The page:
Sadly, those insulting thetrainline.com ads have reappeared. Personally, I like the flexibility of just turning up at a train station, buying a ticket for my journey and going on my way. In fact, I like that idea so much that I am willing to pay for it most of the time (saying that, when the cost passes £60, savings are often sought). Being called an idiot for wanting to things in this way is certainly not something that I appreciate and I can next to guarantee that the said company will not be getting my custom, at least not directly.
Apart from those appalling posters, another thing that brings the whole matter of Internet bookings to mind is my travelling on a train south from Aviemore a few weeks back. Many seats were reserved but most of these weren’t occupied. That may have been just as well for sake of travelling comfort but it prompted the thought in my mind as to whether those reservations were a “just in case” measure. The next step in musings has me wondering if a world where there was more more frugality in the booking of seats might be a better one. However, there is also the possibility that a decline in seat booking would result in less frequent services and shorter trains, something that could increase seat reservations and pop things back where they were before anyway. It all makes a seat reservation less useful than it ought to be. In reality, it is probably no bad thing to sit in such a spot until disturbed by the rightful occupant. After all, you only need to move away when asked. It may not make things user friendly for those reserving seats or be the sort of practice that is encouraged but it might be a minor irritation in the broad scheme of things.
While the railways still cut some slack and that is good when it comes to convenience, other modes of travel are far from being like this and I hope that the railways don’t follow suit. For one thing, they already compensate for a less than comprehensive express coach network in England that makes seat bookings a necessity. Wales now has its Trawscambria long distance bus network with Ireland and Scotland having none too shabby networks provided by Citylink, Ulsterbus and Bus Éireann. Airlines are run on a far tighter footing and you only need to note Ryanair’s closure of airport check in desks in favour of the online option and Aer Lingus’ passenger operated baggage check in facilities to see what I mean. They also overbook their aircraft which is not so nice but the expectation is that not everyone will make a flight. If the same sort of thinking started to pervade the railways, then that would be a very disappointing development.
Saying all of that, I don’t object to there being a need for bookings on services running at busy times. In fact, if you are tied to a train by an advance purchase ticket, then reserving a seat makes sense. For more flexible tickets (Off Peak and Anytime returns come to mind), the logic of that argument may not be so strong, hence my appeal to only reserve your place when you are absolutely certain of travelling. Yes, I realise that stuff happens but there’s no need to devalue the seat booking by not turning up because it was only done just in case.
Yesterday saw me head out for a spot of walking in the countryside around Appleby, or Appleby-in-Westmorland. These days the place in the eastern end of Cumbria. My way there and away was by train, something that went off hunky dory apart from a spot of trouble on the Leeds-Appleby leg. There was nothing unusual in the coupling together of two twin carriage units and its something that happens routinely in several parts of the British railway network (the Cambrian and West Highland lines come to mind). However, as with anything, it can occasionally go awry and it just happened that this was one of them. There seemed to have been a problem with the coupling and it was slowing the train down, a major concern considering the heights it was to overcome on its passage over the Settle-Carlisle railway line. The slowdown was easily noticeable after Shipley. Decoupling and re-coupling at Bingley didn’t set things to rights so both sets were decoupled at Keighley and everyone put on the front train. It looked that it was going to be a two carriage unit for the rest of the way but the back set turned up in Skipton and coupled to the front of the one on which I was travelling. Apart from a certain reduction in the functionality of the lighting that had been the case since Leeds anyway, all went swimmingly from there north. A delay of more than thirty minutes might have been accumulated but I could cope with that and tailor my plans to fit the time that I had available. I am sure that what was encountered is rare but, as they say, stuff happens.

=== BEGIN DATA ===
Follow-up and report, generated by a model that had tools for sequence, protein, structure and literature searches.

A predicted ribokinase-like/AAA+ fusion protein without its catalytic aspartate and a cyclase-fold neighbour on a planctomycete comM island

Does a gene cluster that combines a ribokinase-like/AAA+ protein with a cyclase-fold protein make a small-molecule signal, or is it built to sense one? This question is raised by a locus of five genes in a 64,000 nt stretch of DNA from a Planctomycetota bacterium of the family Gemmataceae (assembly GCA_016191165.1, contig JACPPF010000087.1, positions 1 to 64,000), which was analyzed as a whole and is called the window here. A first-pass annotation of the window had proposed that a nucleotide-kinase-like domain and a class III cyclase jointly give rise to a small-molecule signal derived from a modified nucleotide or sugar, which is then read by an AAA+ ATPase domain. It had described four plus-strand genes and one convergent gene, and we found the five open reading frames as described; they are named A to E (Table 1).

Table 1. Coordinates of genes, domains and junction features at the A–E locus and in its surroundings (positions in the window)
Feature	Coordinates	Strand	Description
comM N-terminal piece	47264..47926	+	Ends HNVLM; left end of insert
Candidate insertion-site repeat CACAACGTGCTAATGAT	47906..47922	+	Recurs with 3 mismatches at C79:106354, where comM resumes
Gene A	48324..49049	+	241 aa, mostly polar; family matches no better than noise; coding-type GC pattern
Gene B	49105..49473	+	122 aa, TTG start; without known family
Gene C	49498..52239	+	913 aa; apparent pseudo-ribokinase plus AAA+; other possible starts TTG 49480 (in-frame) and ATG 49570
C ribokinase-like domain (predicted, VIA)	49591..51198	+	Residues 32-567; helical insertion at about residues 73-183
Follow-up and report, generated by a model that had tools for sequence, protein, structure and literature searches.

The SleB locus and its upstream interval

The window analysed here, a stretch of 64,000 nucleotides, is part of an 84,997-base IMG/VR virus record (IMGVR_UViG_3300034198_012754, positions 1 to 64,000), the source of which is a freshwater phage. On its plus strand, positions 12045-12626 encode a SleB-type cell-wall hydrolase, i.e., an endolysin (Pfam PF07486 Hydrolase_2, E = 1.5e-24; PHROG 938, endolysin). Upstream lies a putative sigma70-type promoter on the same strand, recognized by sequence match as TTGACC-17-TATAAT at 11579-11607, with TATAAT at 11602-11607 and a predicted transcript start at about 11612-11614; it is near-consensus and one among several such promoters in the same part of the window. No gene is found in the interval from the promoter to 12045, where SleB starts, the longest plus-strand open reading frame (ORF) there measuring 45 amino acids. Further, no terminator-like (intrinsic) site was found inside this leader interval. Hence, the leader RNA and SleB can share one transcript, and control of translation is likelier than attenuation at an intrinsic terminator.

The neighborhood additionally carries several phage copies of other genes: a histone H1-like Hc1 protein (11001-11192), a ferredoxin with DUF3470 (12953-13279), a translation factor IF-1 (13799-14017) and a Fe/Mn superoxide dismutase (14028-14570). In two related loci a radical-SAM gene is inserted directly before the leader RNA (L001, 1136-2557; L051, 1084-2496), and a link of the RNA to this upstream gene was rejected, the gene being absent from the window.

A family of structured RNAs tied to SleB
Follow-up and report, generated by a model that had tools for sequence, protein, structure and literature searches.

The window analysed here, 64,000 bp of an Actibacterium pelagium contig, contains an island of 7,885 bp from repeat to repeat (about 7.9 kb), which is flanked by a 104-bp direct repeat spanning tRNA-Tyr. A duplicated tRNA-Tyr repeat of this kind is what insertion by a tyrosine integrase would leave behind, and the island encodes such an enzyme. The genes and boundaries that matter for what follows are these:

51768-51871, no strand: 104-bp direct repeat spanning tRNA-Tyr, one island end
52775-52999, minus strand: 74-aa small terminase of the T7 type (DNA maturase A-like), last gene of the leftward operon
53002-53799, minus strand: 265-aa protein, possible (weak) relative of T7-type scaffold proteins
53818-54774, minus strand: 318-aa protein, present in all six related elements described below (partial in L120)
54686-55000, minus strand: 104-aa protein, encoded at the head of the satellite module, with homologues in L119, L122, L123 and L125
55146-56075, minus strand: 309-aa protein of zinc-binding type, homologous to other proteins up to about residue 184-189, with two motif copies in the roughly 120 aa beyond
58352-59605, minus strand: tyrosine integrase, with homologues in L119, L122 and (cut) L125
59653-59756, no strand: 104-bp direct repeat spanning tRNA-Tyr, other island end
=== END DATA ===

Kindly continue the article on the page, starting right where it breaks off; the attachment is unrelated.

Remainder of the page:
The powers that be must reckon that Macclesfield is full of lazybones with the first northbound train departing on Sunday mornings after 10:00. Thankfully, the first 130 of the day does leave at 09:05 but that takes an age to reach Manchester. However, there is another option: using the 130 to reach Wilmslow’s train station. That approach gets you to Manchester by 10:12 and opens up a few more travel options. Booking a taxi starts to bring earlier options from Wilmslow into the fray and there are more again if you decide to go as far as Manchester Airport. Returning to Wilmslow, it seems that Arriva Trains Wales’ apparent stabling of trains in Crewe means a good supply of Sunday morning services since their southbound timetable was expanded at this time. Add to that the fact that Northern, CrossCountry and Virgin all use the station and a good deal of choice is on offer.